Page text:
By Alan Gionet

BOULDER, Colo. (CBS4) – As younger Coloradans consider whether they get vaccinated, a study at the University of Colorado Boulder shows the potential for asymptomatic people to spread disease. PhD Kristin Bjorkman, COVID scientific director at CU, helped lead a study looking at viral load and its role in the spread of COVID-19.

They found that 2% of the 1,400 people who tested positive at CU last fall carried over 90% of the virions (virus outside of infected cells). One student alone carried 5% of all the infective viruses.

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They came to call them, “super carriers.” It’s not yet confirmed that they are super-spreaders, partly because mass spread may also involve exposure risk, like whether masks are worn by the super carrier and when. But many had no symptoms.

“So you could have just raging hot viral load and be feeling perfectly fine walking around engaging with the community,” said Bjorkman.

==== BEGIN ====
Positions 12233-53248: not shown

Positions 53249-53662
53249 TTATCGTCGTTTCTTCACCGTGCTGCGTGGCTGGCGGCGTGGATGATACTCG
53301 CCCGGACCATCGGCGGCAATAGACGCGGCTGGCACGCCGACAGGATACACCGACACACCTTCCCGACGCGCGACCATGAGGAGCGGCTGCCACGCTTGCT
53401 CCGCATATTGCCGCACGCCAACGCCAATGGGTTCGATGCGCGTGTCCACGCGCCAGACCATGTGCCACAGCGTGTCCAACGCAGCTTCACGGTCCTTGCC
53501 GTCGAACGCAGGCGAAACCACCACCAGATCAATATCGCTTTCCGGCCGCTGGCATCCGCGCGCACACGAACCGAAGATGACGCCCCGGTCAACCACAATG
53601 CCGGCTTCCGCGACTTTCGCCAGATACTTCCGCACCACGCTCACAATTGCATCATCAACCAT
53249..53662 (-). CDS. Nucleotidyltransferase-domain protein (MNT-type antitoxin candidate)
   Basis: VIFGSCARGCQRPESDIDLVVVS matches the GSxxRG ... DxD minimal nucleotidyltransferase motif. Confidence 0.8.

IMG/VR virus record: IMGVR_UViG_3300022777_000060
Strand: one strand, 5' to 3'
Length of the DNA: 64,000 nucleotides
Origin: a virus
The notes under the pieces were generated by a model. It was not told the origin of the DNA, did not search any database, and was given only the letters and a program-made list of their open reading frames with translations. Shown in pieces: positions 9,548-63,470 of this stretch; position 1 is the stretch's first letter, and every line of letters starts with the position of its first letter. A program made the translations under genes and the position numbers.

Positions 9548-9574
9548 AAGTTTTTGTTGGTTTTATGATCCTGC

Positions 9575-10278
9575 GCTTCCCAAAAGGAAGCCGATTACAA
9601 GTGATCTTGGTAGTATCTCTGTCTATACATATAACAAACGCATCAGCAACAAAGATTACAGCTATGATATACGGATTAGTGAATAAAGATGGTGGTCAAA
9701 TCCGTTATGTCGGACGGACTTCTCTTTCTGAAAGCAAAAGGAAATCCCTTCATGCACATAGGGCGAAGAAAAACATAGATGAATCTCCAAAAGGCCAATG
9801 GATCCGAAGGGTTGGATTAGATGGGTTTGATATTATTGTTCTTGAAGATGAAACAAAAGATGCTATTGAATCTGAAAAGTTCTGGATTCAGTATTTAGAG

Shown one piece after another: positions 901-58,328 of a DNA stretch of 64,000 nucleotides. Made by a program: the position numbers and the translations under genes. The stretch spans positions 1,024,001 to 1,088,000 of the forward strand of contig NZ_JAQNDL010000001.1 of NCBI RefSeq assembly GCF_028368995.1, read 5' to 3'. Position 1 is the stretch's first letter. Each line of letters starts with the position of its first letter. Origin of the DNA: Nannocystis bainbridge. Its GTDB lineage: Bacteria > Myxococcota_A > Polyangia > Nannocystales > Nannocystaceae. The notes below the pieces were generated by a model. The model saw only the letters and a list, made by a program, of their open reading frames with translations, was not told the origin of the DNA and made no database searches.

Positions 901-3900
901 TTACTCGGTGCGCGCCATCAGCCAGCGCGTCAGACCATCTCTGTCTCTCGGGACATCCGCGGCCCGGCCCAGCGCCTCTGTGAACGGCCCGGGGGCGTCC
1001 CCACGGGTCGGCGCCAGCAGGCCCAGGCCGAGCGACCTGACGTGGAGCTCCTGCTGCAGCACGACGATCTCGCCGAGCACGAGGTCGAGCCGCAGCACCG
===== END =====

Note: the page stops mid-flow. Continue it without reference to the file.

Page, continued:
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The CU researchers also found not all students who were roommates of infected people became infected.

“We were actually pretty surprised that the transmission rate was only about 20%.”

But then they found something else about the 20% rate of infection.

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“We found that those who did transmit had approximately seven-fold higher viral load than the students that didn’t.”

Doctors have found through the pandemic that a higher viral load does not mean their patients will be worse off.

“We have not correlated viral load in an individual with severity of illness,” said Dr. Richard Zane, chief innovation officer at UC Health and chair of emergency services for the CU School of Medicine.

But the discovery that there is a likely relationship between viral load and transmission plays into the need to get more younger people vaccinated.

“They lower the viral load. They lower the ability of the virus to reproduce. And they lower the ability of the vaccinated person to spread the virus should they be exposed or infected,” said Dr. Zane.

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Younger people are more likely to be asymptomatic. The CU study seems to show they could be a greater risk as super spreaders, particularly if they aren’t aware of infection and less cautious, but loaded with high viral counts.

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“This is one of the many reasons why vaccines are so very important. And will define how we can end this pandemic,” said Dr. Zane.

Alan Gionet